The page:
As teachers, we want our classrooms to be dynamic and engaging spaces for our students to learn and to get excited about the content we are teaching them.
Each student comes to the room with a particular skill set and background, so it can be hard to find ways to meet each student where they are and include all the content you want to teach.
To be an effective teacher, then, we must implement strategies to engage with students and to let them take ownership of their own education. As the teacher, we are always looking for new and exciting ways to reach students, and no matter how long you’ve been teaching, it can be hard to figure out what teaching practices will work best for your students.
Whether you are looking for student teaching tips or you have kids not paying attention in class, here are a few highly effective strategies and best teaching practices that you can try building into your lesson plans to bolster a love of learning and a mastery of the content.
1. Cooperative Learning
What is cooperative learning? Cooperative learning happens when students have to work together to accomplish learning goals as a unit. Small groups of students work towards a common task, which allows them to think critically without having to rely too much on their teacher.
When it comes to cooperative learning, it can happen in a few different ways. How? Students can work together on each portion of a multi-step assignment, or they can divide and conquer. Group work can be a challenge for some, so it may be good to start by having a group model cooperative behaviors or to establish rules or norms that make working in a group a peaceful, productive experience.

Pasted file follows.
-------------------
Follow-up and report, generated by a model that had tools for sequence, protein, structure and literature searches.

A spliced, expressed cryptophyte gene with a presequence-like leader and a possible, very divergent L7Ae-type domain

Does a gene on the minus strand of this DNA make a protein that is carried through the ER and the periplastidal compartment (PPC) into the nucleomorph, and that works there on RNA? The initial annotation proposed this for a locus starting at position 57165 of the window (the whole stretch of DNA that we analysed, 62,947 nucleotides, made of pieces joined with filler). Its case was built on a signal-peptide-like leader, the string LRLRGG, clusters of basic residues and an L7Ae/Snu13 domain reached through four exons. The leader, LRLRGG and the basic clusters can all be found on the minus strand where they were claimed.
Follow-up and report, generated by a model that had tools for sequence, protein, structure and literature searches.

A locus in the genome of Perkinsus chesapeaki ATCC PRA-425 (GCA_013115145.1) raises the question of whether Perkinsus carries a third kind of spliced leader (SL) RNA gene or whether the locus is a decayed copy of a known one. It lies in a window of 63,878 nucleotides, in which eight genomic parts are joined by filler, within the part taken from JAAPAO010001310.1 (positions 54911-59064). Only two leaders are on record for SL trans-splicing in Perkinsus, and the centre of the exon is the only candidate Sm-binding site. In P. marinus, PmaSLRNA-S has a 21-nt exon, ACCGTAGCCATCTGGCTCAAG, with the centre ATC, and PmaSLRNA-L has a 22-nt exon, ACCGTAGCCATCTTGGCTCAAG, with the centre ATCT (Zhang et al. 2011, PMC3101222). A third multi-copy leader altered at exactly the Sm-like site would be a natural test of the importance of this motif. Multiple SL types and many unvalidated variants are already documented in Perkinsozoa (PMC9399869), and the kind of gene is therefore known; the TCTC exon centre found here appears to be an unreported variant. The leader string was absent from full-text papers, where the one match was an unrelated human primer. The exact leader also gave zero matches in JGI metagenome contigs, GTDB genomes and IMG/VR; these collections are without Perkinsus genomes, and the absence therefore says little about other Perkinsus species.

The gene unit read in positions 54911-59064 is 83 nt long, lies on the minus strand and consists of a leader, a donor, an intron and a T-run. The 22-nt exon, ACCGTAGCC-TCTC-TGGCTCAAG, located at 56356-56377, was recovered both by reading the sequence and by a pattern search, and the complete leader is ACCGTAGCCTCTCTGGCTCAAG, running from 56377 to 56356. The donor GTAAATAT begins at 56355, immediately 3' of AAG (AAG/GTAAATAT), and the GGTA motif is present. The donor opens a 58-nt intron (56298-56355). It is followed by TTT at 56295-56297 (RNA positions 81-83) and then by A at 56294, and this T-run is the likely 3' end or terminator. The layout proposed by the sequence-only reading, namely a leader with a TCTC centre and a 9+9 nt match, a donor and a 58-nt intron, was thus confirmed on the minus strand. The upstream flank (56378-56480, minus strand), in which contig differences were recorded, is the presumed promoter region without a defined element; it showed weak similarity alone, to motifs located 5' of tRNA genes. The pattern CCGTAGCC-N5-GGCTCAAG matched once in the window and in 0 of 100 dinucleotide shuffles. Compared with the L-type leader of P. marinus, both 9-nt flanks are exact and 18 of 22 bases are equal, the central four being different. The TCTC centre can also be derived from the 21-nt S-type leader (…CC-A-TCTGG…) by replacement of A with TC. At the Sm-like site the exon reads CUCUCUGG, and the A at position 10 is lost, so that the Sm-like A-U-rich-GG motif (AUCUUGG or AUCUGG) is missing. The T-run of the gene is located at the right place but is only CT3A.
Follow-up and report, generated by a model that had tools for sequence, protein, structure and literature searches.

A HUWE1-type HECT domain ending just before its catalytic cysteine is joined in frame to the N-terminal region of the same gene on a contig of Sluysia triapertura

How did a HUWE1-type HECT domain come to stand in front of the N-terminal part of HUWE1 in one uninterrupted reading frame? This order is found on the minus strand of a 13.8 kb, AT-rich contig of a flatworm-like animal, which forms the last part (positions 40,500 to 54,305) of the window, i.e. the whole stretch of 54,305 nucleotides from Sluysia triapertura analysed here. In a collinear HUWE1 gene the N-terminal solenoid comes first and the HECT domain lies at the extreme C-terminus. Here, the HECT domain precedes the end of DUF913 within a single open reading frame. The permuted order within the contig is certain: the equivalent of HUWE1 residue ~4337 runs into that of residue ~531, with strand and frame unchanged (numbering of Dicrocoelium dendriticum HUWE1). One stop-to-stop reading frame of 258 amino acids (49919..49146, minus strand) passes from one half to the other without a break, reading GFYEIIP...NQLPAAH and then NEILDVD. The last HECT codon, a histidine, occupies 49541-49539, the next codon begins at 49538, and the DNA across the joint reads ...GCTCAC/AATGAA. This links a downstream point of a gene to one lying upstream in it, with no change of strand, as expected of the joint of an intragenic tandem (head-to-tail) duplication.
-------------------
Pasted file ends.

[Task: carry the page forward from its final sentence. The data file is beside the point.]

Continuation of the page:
What do your students gain from cooperative learning? They learn individual and group accountability, they work on their social skills, and they learn the skills they need to be a team player.
Additionally, there is evidence to show that cooperative learning encourages active learning, higher group and individual achievement, stronger metacognition, and healthier relationships with peers. They learn the content, and they learn how to work together.
Kids can get competitive when it comes to games. You can capitalize on this by turning your content or review time into a game, also known as gamification. Kids spend so much time playing video games. They learn to solve problems and gain actionable feedback.
You can use your students’ love of games and desire to succeed to help them grasp the content you are teaching in your class. What are some ways to implement gamification in your classroom? Here are some ideas to get you started:
- Award mastery badges: This might sound like the gold stars we used to get in kindergarten, but it’s actually a concept that is working for a lot of teachers. Badges transcend grades and leave your students with a sense of accomplishment.
- Play digital games: You can take advantage of educational games on the internet like Kahoot! and Quizziz. These are free platforms where you can find or create games to share in class that your students can play together in real time on their devices.
- Adapt games for school use: Games like Scrabble, bingo, dice games and scavenger hunts all can be turned into lessons. Want an example? German teachers can review vocabulary with a bingo game by calling out spaces based on English vocabulary words, and students can mark off a square in German—or vice versa.
3. Exit Tickets